by Ambra Visentin
On 29 October, Chechen leader Ramzan Kadyrov announced on his Telegram channel that 170 former fighters from the private Wagner battalion had joined the special forces of Akhmat, the Russian Guard unit stationed in Chechnya. This would be, according to the post, “a mass exchange of personnel”, which the Chechen leader is sure will be followed by many more: “I am certain that other former PMC representatives will follow this example and join the ranks of the Akhmat special forces. As for us, we are only happy to do so. We will be a friendly and united family fighting the enemies of Russia on the territory of the NWO and protecting our motherland with all our efforts”. However, in the Z-channels close to Wagner, the leadership’s statements on the maxi transfer were met with scepticism.
Kadyrov’s words echoed reports from the deputy commander of the Second Army Corps of the Russian armed forces, Apty Alaudinov, who reportedly met with former Wagner soldiers interested in joining Akhmat. Alaudinov repeated the announcement to several media outlets, including the Kyiv Independent, Ria Novosti and the ChGtrk Grozny channel, emphasising that their Chechen fighters “were never in the second row, but marched together with the Wagner assault teams in the front row”.
The “Tik-Tok troops”
The Chechen fighters do not seem to inspire much admiration among Wagner’s soldiers, who have repeatedly referred to them as the “Tik-Tok troops” because of their penchant for filming staged videos far from the front line during the year and a half of war, and their tendency to devote themselves “more to public relations than to real action”. The Akhmat Division, named after the first president of the Chechen Republic, Akhmat Kadyrov, is famous for its very lenient recruitment rules: any Russian citizen can join the battalion, and a criminal record does not seem to be an obstacle. In Ukraine, some of its fighters have been charged with war crimes, such as Ochur-Suge Mongush, who is accused of torturing, castrating and killing a Ukrainian soldier in front of the cameras.
The authors of Grey Zone, a channel previously close to Wagner, also denied the mass transfer of former mercenaries to Akhmat. And the Alex Parker Returns channel quoted a statement allegedly made by the late Yevgeny Prigozhin’s son Pavel: “As for the various rumours about the alleged transfer of PMC Wagner fighters to the Akhmat unit, it is an absolute fabrication”.
The end of the battalion: Kadyrov Vs Prigozhin
Although Kadyrov had initially described Prigozhin as a “dear brother” at the start of the Ukrainian invasion, the fact that there was in fact bad blood between the two soon became a matter of public record.
In late May 2023, Kadyrov reported that his battalions had been deployed in the self-proclaimed DNR, allegedly to attack some settlements. Prigozhin claimed to be unaware of these plans and was therefore invited to a meeting by State Duma deputy Adam Delimkhanov and Chechen parliament speaker Magomed Daudov, attended by PMC commander Dmitry Utkin, who knew the deputies from the first and second Chechen campaigns. On the day of Prigozhin’s mutiny, Chechen leader Ramzan Kadyrov accused Yevgeny Prigozhin of treason, and while some Wagner mercenaries controlled Rostov-on-Don and others marched towards Moscow, columns of Chechens moved towards Rostov.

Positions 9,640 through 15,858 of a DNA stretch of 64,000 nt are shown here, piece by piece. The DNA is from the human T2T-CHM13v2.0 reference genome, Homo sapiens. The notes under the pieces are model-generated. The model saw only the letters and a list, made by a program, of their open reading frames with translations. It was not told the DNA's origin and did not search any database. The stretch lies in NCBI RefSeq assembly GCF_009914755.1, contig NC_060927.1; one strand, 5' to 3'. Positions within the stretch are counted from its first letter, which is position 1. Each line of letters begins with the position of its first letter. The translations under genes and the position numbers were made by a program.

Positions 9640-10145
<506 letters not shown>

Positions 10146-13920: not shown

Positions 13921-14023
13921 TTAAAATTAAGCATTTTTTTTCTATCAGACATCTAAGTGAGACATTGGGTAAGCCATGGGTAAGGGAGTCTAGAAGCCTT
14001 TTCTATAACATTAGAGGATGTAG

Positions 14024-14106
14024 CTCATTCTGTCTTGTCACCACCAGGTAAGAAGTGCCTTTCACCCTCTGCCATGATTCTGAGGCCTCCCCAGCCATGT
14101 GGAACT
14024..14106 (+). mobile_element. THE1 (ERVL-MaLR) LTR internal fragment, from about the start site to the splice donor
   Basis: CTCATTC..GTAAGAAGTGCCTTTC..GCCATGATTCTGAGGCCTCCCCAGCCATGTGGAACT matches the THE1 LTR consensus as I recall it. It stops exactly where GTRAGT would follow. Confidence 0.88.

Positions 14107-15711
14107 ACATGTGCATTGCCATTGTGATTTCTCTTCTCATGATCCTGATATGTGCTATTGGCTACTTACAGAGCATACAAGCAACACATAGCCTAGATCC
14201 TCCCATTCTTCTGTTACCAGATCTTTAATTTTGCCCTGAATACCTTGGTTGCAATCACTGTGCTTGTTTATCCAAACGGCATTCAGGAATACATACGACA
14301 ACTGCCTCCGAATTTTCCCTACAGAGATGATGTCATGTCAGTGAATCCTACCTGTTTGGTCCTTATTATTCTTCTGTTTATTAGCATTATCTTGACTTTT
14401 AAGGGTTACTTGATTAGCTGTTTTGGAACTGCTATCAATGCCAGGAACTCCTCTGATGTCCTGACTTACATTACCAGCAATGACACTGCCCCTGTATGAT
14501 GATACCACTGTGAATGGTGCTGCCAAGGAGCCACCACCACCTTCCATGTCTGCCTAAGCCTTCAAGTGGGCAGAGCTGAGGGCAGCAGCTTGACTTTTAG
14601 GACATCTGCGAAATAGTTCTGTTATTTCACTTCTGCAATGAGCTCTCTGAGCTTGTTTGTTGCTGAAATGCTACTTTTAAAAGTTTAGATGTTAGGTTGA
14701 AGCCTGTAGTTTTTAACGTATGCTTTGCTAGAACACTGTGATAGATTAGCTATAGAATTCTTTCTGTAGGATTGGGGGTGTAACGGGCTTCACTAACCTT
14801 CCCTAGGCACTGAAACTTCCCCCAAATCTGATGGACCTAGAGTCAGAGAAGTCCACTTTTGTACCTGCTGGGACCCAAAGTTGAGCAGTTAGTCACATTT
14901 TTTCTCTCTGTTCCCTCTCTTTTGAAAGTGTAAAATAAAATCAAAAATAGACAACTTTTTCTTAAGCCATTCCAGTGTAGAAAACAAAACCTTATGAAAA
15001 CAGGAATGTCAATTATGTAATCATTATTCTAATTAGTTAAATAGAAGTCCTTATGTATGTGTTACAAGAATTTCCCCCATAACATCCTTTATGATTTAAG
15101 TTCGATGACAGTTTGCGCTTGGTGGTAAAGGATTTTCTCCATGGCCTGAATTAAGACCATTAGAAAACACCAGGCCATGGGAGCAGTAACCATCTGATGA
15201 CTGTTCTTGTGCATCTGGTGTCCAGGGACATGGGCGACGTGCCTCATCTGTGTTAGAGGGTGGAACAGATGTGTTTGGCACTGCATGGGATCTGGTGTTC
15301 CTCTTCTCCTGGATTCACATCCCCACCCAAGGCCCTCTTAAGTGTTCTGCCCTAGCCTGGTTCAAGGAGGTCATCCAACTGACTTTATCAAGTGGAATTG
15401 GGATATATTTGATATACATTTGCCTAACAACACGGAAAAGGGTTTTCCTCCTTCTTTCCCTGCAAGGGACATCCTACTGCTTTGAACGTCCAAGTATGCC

The fate of the fighters
After the death of battalion commander Yevgeny Prigozhin, whose plane carrying Wagner’s top lieutenants was shot down a few kilometres from St Petersburg on 23 August, the fate of his soldiers remained a question mark for a long time. According to BBC Russia’s sources, the PMC fighters are being absorbed into various projects. A small number are actually choosing to join the Chechen Akhmat battalion. Some Wagner fighters are preparing to join the PMC Redut, initially linked to businessman Gennady Timchenko, where they will continue to fight exclusively in Ukraine. Other fighters will sign contracts with the Russian Ministry of Defence, where the “War for the Liberation of Ukraine” is a project headed by Deputy Minister Yunus-Bek Yevkurov. The fighters serving in the military projects in Syria and Libya taken over by the ministry will keep their posts. Finally, for those more nostalgic for the Prigozhin family, there is the possibility of signing contracts with the Russian Guard and continuing to work for their son Pavel Prigozhin, who will maintain the commercial contracts inherited from his father and smaller military projects in African countries, including Mali, Sudan and the Central African Republic.
Wagner’s plan to provide an air-defense system to Hezbollah
US intelligence has received information that Wagner PMC is planning to transfer the Pantsir S-1 anti-aircraft missile system (Sa-22 according to NATO classification) to the Lebanese group Hezbollah. This is what the Wall Street Journal writes, citing sources close to the intelligence. One of the WSJ’s sources clarified that Washington had not confirmed the delivery of the Pantsir. However, the US is monitoring discussions on the issue. The possible transfer of an anti-aircraft system to Hezbollah in the context of the Israeli-Palestinian conflict raises “serious concerns” for US authorities. The WSJ does not specify who is negotiating on behalf of the Wagner PMC. The paper also notes that the US had previously stationed an aircraft carrier in the eastern Mediterranean to try to contain Hezbollah in case it attacked Israel.
Cover image: tastyFreder1k on Pikabu